Bed Bath & Beyond Inc.’s move to issue preferred stock is a “last gasp” effort to survive before filing for bankruptcy, according to Wedbush analyst Seth Basham, who warns that the equity would eventually be wiped out.
“We see these capital-raising transactions as a ‘last gasp’ to survive
before filing for bankruptcy protection where the common equity would likely be worthless,” he wrote in a note released Tuesday.
Bed Bath & Beyond’s
stock plunged 48.6% Tuesday, pulling back from strong gains Monday that saw shares of the troubled retailer gain 92% in a move that swept up other meme stocks.
The moves proposed by Bed Bath & Beyond aim to generate additional liquidity, satisfy the company’s defaulted loans and missed interest payments, and, most importantly, buy it more time, according to Basham.
Wedbush slashed its price target on the stock to zero from $1 .
Bed Bath & Beyond said after the bell Tuesday it has closed the sale of convertible preferred stock as well as warrants to purchase common shares and convertible preferred stock. The company raised about $225 million in the sale, as expected, and is expecting to receive an additional $800 million in future installments, assuming certain conditions are met.
The company has said it may have to file for bankruptcy and recently disclosed it was in default on loans that were called in.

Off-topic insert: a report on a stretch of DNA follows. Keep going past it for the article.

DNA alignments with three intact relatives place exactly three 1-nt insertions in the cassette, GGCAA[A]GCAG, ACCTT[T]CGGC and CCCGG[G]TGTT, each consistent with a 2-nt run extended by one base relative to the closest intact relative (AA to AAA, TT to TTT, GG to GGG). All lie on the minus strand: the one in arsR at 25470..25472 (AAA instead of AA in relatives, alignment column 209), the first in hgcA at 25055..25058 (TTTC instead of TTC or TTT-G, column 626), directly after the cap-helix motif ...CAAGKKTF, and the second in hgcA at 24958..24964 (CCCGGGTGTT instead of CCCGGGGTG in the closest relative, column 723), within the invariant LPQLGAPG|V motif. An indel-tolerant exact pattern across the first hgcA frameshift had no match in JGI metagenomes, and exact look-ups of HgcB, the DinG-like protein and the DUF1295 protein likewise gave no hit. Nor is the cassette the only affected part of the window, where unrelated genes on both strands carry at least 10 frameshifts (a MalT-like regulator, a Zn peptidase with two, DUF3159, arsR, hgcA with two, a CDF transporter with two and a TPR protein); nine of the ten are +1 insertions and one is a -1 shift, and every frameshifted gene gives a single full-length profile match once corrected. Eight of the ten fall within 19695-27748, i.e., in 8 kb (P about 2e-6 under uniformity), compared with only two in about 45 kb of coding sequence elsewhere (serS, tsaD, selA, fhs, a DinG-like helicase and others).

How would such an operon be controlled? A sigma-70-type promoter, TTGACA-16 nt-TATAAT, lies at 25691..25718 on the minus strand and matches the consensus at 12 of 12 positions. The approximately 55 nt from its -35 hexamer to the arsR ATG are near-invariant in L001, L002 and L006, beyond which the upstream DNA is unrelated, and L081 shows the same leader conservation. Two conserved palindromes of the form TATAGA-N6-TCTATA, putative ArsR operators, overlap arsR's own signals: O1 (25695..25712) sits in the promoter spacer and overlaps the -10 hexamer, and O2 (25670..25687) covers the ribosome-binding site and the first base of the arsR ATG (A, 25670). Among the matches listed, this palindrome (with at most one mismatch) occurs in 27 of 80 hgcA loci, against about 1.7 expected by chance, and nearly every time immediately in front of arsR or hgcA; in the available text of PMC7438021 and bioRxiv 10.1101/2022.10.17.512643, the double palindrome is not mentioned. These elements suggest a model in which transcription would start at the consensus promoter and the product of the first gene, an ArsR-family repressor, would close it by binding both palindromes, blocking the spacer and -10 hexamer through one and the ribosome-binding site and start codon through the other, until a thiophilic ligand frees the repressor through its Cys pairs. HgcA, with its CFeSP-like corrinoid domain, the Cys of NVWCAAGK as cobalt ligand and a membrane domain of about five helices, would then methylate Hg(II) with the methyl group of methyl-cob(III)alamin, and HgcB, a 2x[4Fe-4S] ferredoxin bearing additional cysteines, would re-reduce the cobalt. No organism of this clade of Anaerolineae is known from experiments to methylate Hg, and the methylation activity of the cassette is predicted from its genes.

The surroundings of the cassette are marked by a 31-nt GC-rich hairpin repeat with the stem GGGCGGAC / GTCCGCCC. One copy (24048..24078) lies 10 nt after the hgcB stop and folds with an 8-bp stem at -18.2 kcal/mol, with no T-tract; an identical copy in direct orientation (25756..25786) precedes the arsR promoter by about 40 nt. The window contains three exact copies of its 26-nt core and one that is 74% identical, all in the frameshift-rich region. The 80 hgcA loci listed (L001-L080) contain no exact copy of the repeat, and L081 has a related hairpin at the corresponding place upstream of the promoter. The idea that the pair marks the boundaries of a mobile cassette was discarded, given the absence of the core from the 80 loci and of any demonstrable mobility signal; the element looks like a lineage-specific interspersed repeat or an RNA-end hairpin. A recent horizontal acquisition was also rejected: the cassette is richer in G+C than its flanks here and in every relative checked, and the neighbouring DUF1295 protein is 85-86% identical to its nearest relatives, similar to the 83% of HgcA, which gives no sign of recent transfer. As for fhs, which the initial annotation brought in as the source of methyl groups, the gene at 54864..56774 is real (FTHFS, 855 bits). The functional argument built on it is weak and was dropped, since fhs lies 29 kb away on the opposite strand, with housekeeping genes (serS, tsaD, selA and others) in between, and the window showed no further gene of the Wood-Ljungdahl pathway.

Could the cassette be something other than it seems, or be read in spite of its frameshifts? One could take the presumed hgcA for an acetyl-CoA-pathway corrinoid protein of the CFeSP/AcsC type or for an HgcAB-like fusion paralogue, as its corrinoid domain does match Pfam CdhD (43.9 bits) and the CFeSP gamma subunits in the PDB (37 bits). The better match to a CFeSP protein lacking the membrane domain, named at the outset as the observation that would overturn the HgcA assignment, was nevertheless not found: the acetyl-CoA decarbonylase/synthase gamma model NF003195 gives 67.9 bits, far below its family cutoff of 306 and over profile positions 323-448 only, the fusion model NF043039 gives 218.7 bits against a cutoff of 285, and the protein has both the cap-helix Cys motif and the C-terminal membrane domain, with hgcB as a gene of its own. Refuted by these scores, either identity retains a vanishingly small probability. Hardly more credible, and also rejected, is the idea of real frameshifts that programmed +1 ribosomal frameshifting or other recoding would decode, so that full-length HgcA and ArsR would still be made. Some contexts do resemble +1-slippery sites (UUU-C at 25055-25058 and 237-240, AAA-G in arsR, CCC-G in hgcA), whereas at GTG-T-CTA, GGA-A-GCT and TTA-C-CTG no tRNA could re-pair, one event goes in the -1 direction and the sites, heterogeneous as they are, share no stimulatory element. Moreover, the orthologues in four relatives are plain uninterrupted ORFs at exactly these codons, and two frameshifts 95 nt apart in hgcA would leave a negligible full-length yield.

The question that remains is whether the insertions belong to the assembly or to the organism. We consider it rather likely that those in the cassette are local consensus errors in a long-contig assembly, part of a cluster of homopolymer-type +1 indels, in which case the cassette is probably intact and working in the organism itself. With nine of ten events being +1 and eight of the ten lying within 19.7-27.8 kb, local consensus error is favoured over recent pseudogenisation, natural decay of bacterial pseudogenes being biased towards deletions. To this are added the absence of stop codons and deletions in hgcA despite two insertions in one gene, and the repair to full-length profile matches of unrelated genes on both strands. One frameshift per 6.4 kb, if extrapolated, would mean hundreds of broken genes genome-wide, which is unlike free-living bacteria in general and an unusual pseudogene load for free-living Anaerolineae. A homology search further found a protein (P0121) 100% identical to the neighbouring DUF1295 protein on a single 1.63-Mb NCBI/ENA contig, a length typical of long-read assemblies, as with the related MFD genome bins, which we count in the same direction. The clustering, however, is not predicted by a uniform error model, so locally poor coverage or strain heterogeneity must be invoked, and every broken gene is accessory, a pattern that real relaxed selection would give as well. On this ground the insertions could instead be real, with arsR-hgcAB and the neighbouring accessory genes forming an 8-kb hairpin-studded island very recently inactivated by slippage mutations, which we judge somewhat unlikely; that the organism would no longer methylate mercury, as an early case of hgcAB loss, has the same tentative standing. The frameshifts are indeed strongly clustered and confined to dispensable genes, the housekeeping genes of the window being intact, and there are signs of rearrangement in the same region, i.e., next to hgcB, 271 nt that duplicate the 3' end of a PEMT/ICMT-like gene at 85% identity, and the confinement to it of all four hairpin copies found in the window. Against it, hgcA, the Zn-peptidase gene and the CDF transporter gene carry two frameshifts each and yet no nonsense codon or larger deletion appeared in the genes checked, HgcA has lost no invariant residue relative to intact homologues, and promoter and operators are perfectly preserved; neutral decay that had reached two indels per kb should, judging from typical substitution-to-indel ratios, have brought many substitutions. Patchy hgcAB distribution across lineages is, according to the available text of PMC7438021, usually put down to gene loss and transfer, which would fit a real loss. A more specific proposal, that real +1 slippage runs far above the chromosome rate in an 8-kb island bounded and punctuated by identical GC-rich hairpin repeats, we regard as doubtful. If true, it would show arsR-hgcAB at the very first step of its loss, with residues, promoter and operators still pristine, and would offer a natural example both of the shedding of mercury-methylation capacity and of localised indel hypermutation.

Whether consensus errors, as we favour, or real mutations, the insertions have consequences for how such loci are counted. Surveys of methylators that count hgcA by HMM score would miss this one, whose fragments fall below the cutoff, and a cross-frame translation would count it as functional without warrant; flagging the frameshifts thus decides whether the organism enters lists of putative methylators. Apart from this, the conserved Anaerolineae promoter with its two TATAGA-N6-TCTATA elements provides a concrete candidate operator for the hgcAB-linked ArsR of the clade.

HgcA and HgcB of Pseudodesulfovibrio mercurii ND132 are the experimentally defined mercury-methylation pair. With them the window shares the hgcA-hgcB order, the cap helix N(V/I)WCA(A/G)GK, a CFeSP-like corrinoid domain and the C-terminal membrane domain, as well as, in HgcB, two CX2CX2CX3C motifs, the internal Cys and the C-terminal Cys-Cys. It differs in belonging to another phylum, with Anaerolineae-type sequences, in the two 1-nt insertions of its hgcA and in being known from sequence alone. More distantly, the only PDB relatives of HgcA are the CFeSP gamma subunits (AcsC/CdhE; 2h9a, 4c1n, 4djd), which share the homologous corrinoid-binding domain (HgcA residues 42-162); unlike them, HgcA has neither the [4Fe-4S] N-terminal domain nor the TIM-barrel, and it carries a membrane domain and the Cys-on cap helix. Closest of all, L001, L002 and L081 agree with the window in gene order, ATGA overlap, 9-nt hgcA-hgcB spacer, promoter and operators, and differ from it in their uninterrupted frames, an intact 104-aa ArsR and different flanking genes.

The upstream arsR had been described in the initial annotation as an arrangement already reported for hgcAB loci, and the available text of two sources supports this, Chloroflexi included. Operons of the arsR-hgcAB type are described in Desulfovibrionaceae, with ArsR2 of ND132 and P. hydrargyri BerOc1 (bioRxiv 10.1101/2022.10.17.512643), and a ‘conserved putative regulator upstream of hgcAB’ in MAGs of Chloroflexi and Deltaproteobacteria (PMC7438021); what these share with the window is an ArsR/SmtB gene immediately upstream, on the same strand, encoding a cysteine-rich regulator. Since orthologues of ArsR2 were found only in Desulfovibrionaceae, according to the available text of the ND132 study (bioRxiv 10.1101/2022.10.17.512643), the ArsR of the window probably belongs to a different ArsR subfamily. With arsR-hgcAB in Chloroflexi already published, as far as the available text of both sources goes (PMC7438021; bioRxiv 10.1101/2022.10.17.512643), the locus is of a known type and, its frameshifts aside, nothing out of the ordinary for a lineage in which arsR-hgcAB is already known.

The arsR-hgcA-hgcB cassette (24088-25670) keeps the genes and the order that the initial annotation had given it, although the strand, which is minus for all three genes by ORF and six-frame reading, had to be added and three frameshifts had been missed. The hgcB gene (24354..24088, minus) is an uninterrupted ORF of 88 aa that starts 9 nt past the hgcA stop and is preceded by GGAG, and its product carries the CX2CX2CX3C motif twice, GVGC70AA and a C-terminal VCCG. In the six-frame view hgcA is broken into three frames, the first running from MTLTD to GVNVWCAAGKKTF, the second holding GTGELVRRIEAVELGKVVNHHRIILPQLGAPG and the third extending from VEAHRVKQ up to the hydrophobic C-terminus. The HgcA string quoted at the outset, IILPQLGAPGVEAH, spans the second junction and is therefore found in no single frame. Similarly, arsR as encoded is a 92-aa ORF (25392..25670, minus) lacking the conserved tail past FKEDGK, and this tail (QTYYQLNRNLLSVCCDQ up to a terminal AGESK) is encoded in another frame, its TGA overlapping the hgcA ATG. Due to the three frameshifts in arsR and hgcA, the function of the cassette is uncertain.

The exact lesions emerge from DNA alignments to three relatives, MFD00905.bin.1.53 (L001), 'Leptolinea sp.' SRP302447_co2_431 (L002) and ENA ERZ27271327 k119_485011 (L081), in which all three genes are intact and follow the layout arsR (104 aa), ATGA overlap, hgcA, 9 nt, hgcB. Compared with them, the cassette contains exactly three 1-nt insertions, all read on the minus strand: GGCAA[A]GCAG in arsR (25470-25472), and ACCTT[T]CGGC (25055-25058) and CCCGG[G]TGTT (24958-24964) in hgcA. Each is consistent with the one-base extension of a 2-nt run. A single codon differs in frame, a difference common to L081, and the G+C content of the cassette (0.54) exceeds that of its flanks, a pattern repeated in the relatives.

In a Tuesday statement, the company said it will use the proceeds from the deal to repay outstanding debt and expects to reborrow loans under an amended credit facility to fund strategic initiatives in fiscal 2023, which include plans for a new store footprint and cost structure.
The company is targeting having a network of just 360 stores and about 120 Buy Buy Baby stores across the U.S. and expects digital sales to account for more of its overall sales.
In early January, the picture looked far different with plans to close 130 stores out of a total of 949 stores, divided between 62 Bed Bath & Beyond stores in all 50 states, the District of Columbia, Puerto Rico and Canada; 137 Buy Buy Baby stores; and 50 stores under the names Harmon, Harmon Face Values and Face Values.
“We are optimizing our store fleet and supply chain and continuing to invest in our omni-always capabilities,” Chief Executive Sue Gove said in a statement. “This will enable us to better serve our customers, and grow profitably, by directing merchandise where and how they want to shop with us.”
Wedbush analysts led by Basham were underwhelmed by the company’s moves earlier Tuesday.
“If successful, this series of transactions would buy the company more time,” he wrote. “However, free cash flow was a whopping minus-$403 million in its fiscal third quarter while cash-on-hand stood at just $153 million at the end of the period, and we expect minus-$170 million in free cash flow for the fourth quarter,” said Basham.
The stock has fallen 81.5% in the last 12 months, while the S&P 500
has fallen 7%.